When I was first diagnosed with Lupus, I instantly took to the internet. I wanted to arm myself with as much information as possible. I was prepared to be over whelmed and immersed in everything regarding Lupus. I was alarmed by the amount of “repetitive” information that was available. Everything was a repeat and very “ text book” . I was clear what Lupus is (was), but I wasn’t clear as to how people lived with Lupus. What a day was like for a Lupie Chick ™. How Lupus affected friendships/relationships/marriages. How Lupus affected people’s mental state. How Lupus affected peoples emotional/physical/sexual health. I had LOTS of questions. I could not find what I was looking for; nothing was really answering what I wanted to know. (For me), I needed visual, clear, concise answer(s). Based on the lack of information available, I decided to write from my perspective and keep it REAL & RAW (no sugar coating). If I was in pain I wanted to describe or show pictures of the type of pain or the intensity level of the pain. I was going to show my bare face (without makeup) and talk about the scares, the nasty remarks, and assumptions people make about you when you have an invisible disease. I wanted to provide an outlet for my fellow Lupie Chicks™ to know that they were not alone and we could cyber space high five each other.
I will never forget my first posting telling the world, I Have Lupus; people were calling me with tears in their voice telling me I had taken them on an emotional roller coaster. I heard from friends I havent from in years (more than 10). It wasn’t my intention to make anyone cry or become upset, I wrote from the heart. I wrote as if I was speaking to my girlfriends or family. I’ve found that my ability to be open and my style of writing works for the type of platform I’m building.
I’ve started posting daily pictures of myself saying Hello /Good Morning to my fellow lupies. If I miss a day, people will inbox me on Facebook or text me and say “where is our daily picture?” I never knew that a simple picture would/could make someone’s day, or provide a little encouragement.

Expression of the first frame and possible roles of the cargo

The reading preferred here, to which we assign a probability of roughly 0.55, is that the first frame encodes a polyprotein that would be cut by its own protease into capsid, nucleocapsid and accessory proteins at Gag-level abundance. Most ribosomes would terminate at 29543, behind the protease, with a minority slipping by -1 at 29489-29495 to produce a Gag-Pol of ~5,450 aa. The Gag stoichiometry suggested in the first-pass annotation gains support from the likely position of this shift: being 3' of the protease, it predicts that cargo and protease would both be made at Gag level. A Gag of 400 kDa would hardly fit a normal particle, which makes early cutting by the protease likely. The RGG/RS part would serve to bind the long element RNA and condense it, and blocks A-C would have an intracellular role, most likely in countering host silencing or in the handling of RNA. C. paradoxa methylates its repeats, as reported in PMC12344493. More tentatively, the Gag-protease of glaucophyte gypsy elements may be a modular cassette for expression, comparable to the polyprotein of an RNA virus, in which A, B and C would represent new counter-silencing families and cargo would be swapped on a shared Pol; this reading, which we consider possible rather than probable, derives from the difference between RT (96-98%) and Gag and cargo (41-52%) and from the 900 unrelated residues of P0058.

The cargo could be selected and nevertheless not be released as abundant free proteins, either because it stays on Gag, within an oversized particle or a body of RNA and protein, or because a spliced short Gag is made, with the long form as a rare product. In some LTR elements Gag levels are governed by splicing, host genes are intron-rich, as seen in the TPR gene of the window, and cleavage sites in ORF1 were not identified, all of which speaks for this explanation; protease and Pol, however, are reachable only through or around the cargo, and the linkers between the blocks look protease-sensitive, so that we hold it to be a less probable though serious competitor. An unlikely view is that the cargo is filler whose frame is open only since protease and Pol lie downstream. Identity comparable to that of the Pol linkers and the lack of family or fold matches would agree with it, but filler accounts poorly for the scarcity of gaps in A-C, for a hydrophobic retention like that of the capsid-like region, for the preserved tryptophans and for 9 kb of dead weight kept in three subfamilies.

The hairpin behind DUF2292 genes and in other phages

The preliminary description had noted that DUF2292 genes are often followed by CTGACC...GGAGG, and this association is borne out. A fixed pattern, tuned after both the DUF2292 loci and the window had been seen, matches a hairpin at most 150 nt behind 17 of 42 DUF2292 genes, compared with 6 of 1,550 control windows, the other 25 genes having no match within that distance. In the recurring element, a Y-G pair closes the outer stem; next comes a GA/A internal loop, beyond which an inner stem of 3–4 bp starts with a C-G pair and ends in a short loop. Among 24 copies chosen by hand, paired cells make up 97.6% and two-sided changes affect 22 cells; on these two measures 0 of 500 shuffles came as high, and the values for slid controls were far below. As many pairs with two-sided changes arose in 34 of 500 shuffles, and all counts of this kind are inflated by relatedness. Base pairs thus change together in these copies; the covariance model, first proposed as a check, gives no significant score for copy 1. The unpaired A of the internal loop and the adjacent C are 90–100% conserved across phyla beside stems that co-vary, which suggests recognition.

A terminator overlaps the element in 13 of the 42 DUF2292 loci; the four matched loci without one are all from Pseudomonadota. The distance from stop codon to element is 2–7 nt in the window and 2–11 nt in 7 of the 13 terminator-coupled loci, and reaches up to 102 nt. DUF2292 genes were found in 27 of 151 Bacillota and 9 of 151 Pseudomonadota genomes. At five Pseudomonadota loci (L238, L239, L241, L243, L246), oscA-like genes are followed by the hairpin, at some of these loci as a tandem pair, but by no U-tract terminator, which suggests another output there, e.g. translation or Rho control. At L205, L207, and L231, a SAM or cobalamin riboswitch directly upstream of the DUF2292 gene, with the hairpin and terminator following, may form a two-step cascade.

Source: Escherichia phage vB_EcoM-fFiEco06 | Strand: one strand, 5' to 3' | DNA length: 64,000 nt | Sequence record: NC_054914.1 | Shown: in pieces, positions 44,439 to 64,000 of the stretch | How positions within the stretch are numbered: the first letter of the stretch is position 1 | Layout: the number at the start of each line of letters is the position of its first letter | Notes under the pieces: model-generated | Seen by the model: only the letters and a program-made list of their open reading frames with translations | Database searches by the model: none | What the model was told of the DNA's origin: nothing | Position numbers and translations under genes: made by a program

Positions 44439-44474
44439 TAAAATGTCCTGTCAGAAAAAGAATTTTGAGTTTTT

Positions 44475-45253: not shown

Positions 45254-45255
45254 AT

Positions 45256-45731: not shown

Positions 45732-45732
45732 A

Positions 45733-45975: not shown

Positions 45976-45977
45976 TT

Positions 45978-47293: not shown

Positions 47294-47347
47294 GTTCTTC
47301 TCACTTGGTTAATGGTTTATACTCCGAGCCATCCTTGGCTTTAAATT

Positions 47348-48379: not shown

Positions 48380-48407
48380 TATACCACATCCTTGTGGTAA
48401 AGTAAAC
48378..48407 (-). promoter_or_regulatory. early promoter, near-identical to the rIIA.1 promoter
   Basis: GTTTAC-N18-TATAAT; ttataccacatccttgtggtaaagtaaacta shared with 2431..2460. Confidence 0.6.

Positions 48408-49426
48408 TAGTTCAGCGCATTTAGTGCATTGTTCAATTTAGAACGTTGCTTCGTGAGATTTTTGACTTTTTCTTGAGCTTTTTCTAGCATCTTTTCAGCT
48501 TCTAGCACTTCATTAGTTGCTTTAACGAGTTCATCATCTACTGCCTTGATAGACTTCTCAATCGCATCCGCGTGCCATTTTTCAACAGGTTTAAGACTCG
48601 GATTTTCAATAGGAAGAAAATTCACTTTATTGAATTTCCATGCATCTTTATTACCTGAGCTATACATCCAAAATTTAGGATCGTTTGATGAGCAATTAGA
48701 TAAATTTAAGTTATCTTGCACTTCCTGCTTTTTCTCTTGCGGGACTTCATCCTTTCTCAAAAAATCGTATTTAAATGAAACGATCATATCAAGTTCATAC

Not too long ago, I received a mention on Twitter that said “because of the Lupie Chick I know more than I ever thought I could or wanted to know about Lupus and the struggle”. I don’t know this young lady, never knew that she read my blog or tweets. I received a message from another young lady telling me “because of your blog I now know how to be a better friend “. I don’t get many (any) comments on my blog, and I wasn’t positive if anyone was reading my blog, UNTIL I get the random messages, text, or tags of people wearing purple, or mentions of “ The Lupie Chick”. Just the other day, my hands had swollen and I was in severe pain. I posted a picture on line and a young lady asks “what’s lupus?” I was in too much pain to type (reply) on my mobile, but I fought through and took a screen shot of the Lupus Foundation page explaining what Lupus is. Even in my mist of a challenge I was able to educate someone on this little known invisible disease. I’m so honored and humbled to be able to do what I do, and I’m MORE honored and humbled to my readers and audience who help spread awareness. I know that I will never stop writing, I will never stop bringing awareness, and I will never keep quiet – This is WHY I Write About My Health!
Until Next Time,
Live ~ Laugh ~ Love
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The information included on this blog is for educational purposes only. It is not intended nor implied to be a substitute for professional medical advice. The reader should always consult his or her health care provider to determine the appropriateness of the information for their own situation or if they have any questions regarding a medical condition or treatment plan.
Published by The Lupie Chick
I’m a wife, a mother, a grandmother, a sister, a daughter, a friend, a poet, a philanthropist, a member of Sigma Gamma Rho Sorority, member of Order of The Eastern Star, and I have Lupus. I was diagnosed with Lupus in July 2011, after many years of unexplained illnesses, surgeries, and hospital stays.
My Lupus was discovered after a year struggle with a rash on my face that was spreading to my neck and chest. I had begun to also suffer from migraines, fatigue, joint pain (in my ankles and wrist), shortness of breath, and excessive sweating. I knew nothing about Lupus except it was a disease that Toni Braxton suffered from. I initially thought there was a magical pill I could take to get rid of it. I was informed that Lupus has no cure; it’s a disease I will live with for the rest of my life until a cure is discovered. I have dedicated the rest of my life to be a face-IN YOUR FACE- activist for a cure- I'm not hiding it-I'm FIGHTING it!
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